As students prepare for their exams, questions that only assessors can answer often pop into mind. Unfortunately, most students don’t have access to assessors in most of their subjects, so we took your questions and presented them to a senior VCAA assessor who has extensive experience in marking the VCE exams that you will soon sit. Here are his/her answers.

We hope that your exam preparations are going well.

TSFX.

How can I get high/ full marks on the exam? What tips can you give, please? What practical tips can you give in preparation for the English exam? What differentiates a B grade for an A+ grade on the exam? Will my introduction determine the way the assessors look at the rest of my piece? Will I be marked down significantly for not finishing my exam? What have your top students done that set them apart from the rest? What can I do to get high on the exam?

To get full marks or even very high marks in the exam you simply need to address the criteria to a very high degree. You can access the exam criteria with descriptors for all three sections using this link to the VCAA website https://www.vcaa.vic.edu.au/Documents/exams/english/english-crit-descriptors-w.pdf  Each section is marked by two different assessors in order to ensure that marking is consistent.

To prepare for the English exam you need to write essays in the three sections and each time you do so make sure that you give it to your teacher to mark. The key to improving your skills and marks is to get feedback from your teacher and act on that feedback so that progress continues. As well, writing in timed conditions is significant at this stage.

The quality of the writing, analysis and focus on the topic differentiates a B grade from an A+. Take time to read excerpts from essays that were awarded high marks in past exams which are published in Past Examination Reports using this link: https://www.vcaa.vic.edu.au/assessment/vce-assessment/past-examinations/Pages/English.aspx This is a useful exercise even if the excerpt it is not based on your specific text.

Assessors read the whole essay not just the introduction. Be mindful that the introduction does have a significant role to play as you are setting up the framework of your response in terms of addressing the topic

Assessors use the assessment criteria focusing on the descriptors to award marks so the idea is not to take away marks. Assessors award marks based on what is on the page.

Top students write fluently using language effectively addressing the topic consistently in their analysis. This is often the key that sets their responses apart from others.

To get a high mark on the examination you need to practice writing essays in all the three sections under timed conditions and get feedback from your teacher and focus on acting on that feedback so as to keep making progress.

In a previous email, it was stated that an average mark in last year’s exam paper, was a 5.5/10. How should we structure our essays in order to maximise our mark?

For text response which is Section A your essay needs an introduction, three or four body paragraphs and a conclusion. For your comparative response in Section B your essay needs an introduction, three or four body paragraphs and a conclusion while you make comparisons between the two texts. The comparison should be sustained throughout the essay rather than have one paragraph on one text. For your response analysing argument and language in Section C your essay should include an introduction and a number of body paragraphs. It is effective to use three body paragraphs, with each one addressing an argument and then analysing it and the language used. Note that you need to include an analysis of the visual and integrate it with your analysis of the language. You do not need a conclusion in Section C.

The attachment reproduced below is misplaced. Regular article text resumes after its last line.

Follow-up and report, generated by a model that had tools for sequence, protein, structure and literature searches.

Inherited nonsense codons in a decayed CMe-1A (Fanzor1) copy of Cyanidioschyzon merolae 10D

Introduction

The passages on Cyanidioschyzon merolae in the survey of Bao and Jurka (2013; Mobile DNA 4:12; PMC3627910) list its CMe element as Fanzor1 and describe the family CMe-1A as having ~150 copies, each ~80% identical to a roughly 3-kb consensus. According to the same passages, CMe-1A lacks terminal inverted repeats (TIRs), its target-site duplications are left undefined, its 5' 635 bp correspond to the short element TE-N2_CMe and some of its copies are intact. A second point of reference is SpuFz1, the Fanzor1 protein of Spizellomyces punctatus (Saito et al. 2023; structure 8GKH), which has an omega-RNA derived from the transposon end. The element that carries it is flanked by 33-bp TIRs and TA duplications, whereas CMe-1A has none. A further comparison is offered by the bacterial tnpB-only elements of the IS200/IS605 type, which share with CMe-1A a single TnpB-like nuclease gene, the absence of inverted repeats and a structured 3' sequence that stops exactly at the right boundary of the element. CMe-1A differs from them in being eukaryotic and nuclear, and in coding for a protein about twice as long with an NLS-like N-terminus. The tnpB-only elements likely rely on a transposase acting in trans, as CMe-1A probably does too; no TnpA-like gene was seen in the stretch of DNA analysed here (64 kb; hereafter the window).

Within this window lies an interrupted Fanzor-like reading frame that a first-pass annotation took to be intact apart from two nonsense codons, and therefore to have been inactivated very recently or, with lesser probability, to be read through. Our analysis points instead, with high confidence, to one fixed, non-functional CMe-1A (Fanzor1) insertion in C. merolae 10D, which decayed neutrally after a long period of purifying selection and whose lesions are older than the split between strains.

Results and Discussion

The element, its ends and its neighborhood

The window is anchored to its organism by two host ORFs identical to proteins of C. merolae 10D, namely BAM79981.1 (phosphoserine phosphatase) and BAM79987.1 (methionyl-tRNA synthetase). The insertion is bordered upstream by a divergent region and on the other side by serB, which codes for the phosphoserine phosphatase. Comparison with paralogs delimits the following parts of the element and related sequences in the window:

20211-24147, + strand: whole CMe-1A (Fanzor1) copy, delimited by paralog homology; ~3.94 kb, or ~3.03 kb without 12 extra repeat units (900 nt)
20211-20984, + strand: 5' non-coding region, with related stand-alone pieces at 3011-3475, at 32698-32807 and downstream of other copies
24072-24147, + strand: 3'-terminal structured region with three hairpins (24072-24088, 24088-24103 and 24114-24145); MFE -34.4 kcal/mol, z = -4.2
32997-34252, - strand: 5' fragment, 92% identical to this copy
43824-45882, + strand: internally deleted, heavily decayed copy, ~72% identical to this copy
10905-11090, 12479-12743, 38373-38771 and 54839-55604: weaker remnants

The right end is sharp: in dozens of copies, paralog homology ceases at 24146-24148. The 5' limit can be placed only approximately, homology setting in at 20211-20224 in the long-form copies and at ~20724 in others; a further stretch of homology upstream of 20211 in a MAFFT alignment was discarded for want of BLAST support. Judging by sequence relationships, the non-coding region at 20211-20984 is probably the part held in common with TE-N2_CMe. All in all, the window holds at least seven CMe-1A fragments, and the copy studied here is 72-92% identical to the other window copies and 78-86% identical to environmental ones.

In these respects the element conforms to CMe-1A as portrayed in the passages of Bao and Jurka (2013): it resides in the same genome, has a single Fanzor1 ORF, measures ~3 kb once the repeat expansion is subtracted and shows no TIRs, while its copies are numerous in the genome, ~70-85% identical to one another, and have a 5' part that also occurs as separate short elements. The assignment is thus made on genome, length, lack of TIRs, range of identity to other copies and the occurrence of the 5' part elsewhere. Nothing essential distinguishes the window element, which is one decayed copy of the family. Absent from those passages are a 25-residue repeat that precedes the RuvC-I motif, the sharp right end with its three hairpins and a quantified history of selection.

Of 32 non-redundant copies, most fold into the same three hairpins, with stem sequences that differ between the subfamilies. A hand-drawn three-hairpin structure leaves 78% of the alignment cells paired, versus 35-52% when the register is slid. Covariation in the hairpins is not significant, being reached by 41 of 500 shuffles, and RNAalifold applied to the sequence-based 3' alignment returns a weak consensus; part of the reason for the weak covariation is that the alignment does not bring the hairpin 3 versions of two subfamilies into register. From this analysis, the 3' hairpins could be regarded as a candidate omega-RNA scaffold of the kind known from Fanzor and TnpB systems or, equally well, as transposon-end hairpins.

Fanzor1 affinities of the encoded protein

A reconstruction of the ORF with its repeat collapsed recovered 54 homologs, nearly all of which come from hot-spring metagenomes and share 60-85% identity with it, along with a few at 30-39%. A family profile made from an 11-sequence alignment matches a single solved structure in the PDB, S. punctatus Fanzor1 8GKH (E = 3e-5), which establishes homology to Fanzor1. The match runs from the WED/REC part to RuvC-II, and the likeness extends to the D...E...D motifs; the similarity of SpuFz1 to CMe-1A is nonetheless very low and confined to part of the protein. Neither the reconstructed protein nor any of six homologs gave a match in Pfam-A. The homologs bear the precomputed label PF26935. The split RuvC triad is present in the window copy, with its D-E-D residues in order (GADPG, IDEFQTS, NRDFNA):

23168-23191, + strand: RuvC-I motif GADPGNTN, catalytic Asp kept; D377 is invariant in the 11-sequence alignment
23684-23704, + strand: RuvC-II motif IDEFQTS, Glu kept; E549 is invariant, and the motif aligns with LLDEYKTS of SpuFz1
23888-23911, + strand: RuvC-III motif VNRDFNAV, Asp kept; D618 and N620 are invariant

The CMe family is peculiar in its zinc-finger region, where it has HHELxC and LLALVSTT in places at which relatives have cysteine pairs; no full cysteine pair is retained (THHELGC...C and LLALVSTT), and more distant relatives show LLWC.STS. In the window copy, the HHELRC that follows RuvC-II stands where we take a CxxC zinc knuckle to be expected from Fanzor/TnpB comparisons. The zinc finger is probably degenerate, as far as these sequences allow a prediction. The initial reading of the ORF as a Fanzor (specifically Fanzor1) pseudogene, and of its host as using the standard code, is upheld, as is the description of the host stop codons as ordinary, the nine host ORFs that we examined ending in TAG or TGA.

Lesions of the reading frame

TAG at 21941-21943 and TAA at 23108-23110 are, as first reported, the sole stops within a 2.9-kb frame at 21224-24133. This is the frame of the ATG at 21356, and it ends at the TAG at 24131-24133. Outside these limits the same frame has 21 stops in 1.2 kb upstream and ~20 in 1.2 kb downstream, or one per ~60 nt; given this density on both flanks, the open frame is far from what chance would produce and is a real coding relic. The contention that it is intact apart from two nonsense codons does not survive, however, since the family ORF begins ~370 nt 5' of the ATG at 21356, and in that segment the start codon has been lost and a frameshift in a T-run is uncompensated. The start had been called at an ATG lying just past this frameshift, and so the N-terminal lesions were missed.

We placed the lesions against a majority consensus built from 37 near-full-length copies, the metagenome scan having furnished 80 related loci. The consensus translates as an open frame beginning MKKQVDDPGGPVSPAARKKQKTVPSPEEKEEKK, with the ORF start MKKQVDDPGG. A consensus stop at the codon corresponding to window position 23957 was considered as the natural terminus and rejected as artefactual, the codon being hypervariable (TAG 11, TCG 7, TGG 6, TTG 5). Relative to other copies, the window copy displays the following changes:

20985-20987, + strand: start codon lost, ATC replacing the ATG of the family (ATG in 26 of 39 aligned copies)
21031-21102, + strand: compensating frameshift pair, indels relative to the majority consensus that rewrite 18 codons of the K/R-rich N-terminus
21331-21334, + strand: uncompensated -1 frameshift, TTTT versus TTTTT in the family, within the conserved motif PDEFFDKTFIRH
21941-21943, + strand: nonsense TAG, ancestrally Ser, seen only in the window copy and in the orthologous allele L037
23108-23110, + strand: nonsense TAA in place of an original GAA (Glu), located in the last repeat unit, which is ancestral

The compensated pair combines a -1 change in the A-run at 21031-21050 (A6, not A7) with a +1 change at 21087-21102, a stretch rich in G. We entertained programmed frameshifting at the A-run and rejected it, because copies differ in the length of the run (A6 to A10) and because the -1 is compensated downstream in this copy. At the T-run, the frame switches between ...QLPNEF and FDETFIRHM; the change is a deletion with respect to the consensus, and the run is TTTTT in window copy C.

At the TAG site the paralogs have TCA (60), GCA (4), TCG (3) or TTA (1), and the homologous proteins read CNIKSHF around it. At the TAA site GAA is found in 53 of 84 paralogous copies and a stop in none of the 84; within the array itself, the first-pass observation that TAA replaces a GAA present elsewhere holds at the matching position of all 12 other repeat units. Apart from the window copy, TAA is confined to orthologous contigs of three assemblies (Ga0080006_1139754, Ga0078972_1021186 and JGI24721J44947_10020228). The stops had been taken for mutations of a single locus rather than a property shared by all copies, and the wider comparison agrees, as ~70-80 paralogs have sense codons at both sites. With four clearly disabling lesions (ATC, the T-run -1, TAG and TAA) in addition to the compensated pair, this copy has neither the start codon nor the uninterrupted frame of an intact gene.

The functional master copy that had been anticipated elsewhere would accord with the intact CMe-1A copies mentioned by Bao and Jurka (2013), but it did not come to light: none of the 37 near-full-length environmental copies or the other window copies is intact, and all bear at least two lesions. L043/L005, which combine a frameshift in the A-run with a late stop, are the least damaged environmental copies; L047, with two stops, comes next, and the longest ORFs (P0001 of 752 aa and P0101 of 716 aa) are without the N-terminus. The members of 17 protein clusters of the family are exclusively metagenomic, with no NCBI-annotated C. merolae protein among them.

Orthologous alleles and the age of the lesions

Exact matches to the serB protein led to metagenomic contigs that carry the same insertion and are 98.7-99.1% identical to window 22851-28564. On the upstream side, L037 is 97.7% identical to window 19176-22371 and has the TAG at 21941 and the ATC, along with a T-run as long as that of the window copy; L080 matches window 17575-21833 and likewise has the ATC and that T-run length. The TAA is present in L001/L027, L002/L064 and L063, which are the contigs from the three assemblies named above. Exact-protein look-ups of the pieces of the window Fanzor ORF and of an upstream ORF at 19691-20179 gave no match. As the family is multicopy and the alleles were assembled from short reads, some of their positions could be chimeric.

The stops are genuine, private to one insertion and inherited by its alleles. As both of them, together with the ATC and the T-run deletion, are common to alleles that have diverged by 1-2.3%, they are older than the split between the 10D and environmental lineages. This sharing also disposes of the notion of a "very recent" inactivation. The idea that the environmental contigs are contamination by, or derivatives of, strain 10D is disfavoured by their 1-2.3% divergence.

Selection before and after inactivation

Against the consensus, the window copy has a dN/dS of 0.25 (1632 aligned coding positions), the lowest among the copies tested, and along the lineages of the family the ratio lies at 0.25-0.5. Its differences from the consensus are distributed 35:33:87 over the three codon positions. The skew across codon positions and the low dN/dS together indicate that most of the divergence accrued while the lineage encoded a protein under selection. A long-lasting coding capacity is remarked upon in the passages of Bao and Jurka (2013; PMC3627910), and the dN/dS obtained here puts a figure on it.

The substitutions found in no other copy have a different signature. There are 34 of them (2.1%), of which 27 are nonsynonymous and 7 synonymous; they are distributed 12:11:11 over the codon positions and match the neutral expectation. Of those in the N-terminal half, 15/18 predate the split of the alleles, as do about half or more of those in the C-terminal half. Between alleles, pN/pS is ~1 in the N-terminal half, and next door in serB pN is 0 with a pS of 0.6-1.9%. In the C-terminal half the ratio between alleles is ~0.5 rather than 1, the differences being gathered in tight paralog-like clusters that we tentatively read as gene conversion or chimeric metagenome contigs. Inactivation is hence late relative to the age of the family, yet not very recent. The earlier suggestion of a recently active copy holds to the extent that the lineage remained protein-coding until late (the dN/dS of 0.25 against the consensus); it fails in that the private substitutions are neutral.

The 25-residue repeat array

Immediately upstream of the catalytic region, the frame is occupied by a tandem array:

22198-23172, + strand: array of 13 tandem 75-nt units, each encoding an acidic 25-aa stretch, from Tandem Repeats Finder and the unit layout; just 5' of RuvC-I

How many practice exams do you recommend we complete?

The point about practice examinations is that it gives you the opportunity to see how you cope with time for writing three responses in three hours and also how you use the reading time. Most schools would have already run at least one practice examination by the first week of October. After this use the feedback and the mark to guide your preparation for the examination. There is no magic number regarding the number of practice exams any student should do. There is also value in writing one essay at a time. Be careful and do not do an examination three or four days prior to the actual examination as it is very exhausting mentally and physically.

What are some common errors students make for any essay type and what are some tips to achieving an exceptional top-notch essay? How do I get myself to write better essays?

The most common error is not addressing the topic. To achieve a very high mark you need to make sure that you know the three texts you intend to write on and that you practise writing. Using high quality sample essays written by other students can help guide you but fundamentally it is only writing that will help you. With Section C you need to make sure that you go beyond simply labelling the various persuasive techniques and comment on the way argument, language and the visual work to persuade particular kinds of readers.

Does it make a difference to your mark which structure you choose to write your essays? e.g. block structure, Integrated structure and bridge structure.

You seem to be referring to Section B, Reading and Comparing Texts where the task is to compare texts in terms of ideas, issues and themes explored as well as the ways in which authors/film makers convey their ideas. Therefore an integrated structure lends itself to achieve this.

How many assessors grade your essay?

Every essay is graded by two different assessors and if there is a discrepancy it goes to a third marker, etc. This rigour ensures that every section of every student’s examination is given due the time and the process is transparent.

What are the criteria when you mark essays for an exam? Are there separate criteria for each essay type?

All assessors use the same criteria for the examination. You can access the examination criteria with descriptors for all three sections using given the link to the VCAA website. Each section has its own assessment criteria with specific descriptors.